I recently wrote about pulling weeds in my garden. I talked about how pulling weeds is one of my least favorite past times, but that it is essential to keeping a garden or flower bed looking its best.
Now, after battling another round of weeds, there is something else that I realized: the more weeds I pull, the more weeds I see.
If I were a conspiracy theorist I would guess that the weeds were put there by the government, part of a scheme to keep me weak and sore from all the pulling. Think about it, after all that weed pulling, how could I possibly have missed any?
When I am clearing out an area that is initially covered in weeds, I make so much progress that a weed or two here or there is hardly noticeable. After all, there aren’t nearly as many weeds as there once were. But when I step back I notice weeds that are still there. So those new weeds I am seeing are not new at all, but the weeds that I missed.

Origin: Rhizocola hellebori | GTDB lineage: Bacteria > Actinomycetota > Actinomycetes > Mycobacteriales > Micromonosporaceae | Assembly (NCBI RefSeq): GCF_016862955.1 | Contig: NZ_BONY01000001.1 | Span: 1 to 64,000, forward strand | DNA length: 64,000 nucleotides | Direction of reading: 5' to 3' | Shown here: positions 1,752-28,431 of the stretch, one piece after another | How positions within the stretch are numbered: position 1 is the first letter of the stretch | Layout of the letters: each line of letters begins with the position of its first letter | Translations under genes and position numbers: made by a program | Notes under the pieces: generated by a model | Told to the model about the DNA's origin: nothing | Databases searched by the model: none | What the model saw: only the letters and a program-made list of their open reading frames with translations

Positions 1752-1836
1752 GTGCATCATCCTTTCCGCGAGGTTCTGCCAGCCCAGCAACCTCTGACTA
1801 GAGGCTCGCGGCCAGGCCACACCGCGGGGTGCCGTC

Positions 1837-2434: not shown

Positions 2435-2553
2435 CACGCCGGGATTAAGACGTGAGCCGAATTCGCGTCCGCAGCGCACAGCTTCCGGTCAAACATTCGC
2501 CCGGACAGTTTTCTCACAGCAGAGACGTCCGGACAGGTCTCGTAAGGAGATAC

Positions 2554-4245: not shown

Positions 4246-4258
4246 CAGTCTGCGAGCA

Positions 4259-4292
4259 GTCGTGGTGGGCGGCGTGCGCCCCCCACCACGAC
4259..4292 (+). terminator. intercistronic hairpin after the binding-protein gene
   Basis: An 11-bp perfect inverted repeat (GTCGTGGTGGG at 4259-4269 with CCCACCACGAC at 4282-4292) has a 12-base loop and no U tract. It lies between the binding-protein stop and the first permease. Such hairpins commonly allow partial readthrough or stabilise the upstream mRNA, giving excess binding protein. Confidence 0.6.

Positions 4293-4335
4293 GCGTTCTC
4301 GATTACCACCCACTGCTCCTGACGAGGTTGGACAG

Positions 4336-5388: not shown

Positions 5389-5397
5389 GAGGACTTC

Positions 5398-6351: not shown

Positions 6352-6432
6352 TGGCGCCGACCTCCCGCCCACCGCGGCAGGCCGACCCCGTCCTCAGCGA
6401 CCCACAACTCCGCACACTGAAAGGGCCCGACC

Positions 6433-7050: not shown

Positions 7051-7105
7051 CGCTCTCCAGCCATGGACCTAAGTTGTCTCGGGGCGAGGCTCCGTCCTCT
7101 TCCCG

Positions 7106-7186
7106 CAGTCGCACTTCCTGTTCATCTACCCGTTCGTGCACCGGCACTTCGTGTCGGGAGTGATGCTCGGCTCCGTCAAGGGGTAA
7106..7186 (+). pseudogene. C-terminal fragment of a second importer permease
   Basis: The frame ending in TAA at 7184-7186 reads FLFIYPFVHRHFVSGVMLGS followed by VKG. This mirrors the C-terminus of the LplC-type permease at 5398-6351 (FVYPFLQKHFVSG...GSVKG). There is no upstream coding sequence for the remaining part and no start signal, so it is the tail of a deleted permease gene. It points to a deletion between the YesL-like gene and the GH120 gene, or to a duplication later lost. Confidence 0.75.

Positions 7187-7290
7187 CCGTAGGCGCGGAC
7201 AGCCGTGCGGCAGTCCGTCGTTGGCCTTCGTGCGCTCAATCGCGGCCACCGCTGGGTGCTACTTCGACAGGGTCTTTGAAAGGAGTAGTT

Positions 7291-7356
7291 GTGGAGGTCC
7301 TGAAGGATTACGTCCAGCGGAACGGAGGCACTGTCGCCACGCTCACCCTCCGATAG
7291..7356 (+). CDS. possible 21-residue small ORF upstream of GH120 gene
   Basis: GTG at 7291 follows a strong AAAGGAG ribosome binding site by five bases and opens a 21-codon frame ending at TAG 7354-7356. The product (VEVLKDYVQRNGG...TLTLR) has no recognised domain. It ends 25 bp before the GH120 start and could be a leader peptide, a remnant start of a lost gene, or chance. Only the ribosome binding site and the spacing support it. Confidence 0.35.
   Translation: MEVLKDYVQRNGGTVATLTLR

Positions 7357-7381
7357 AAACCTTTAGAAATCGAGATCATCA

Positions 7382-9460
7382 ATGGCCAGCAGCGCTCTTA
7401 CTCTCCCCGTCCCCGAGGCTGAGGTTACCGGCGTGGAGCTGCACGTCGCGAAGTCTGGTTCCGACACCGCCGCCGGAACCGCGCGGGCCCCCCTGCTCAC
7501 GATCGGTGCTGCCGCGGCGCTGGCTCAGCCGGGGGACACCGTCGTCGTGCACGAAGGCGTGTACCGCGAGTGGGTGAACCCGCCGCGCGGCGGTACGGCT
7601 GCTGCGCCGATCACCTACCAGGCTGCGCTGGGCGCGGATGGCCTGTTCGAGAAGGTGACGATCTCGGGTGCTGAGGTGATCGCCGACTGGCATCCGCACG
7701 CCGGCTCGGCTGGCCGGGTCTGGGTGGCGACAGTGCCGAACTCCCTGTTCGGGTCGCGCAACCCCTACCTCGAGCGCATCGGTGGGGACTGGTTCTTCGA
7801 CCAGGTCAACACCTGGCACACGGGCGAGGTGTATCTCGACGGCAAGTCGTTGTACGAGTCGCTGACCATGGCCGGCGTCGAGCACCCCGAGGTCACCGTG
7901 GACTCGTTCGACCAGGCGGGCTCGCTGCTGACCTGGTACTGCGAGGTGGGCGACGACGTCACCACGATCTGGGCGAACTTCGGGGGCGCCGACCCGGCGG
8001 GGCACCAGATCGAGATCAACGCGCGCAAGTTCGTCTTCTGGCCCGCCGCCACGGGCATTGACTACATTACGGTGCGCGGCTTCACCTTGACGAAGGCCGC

The first time I wrote about pulling weeds I compared those weeds to sin in our lives; we should not be satisfied with just removing some of it. With that same idea in mind, think of those missed weeds as part of the believer’s path of sanctification. When you are removing the big weeds, the smaller, almost unnoticeable weeds will begin to stand out. The “little” sins like pride and jealousy can get lost among the fornication and road rage. But once the “bigger” sins have been removed, that envy will stand out like a sore, green thumb.
As Christians, let’s keep looking to remove any sin that the Holy Spirit convicts us of, no matter how big or small.
But sexual immorality and all impurity or covetousness must not even be named among you, as is proper among saints.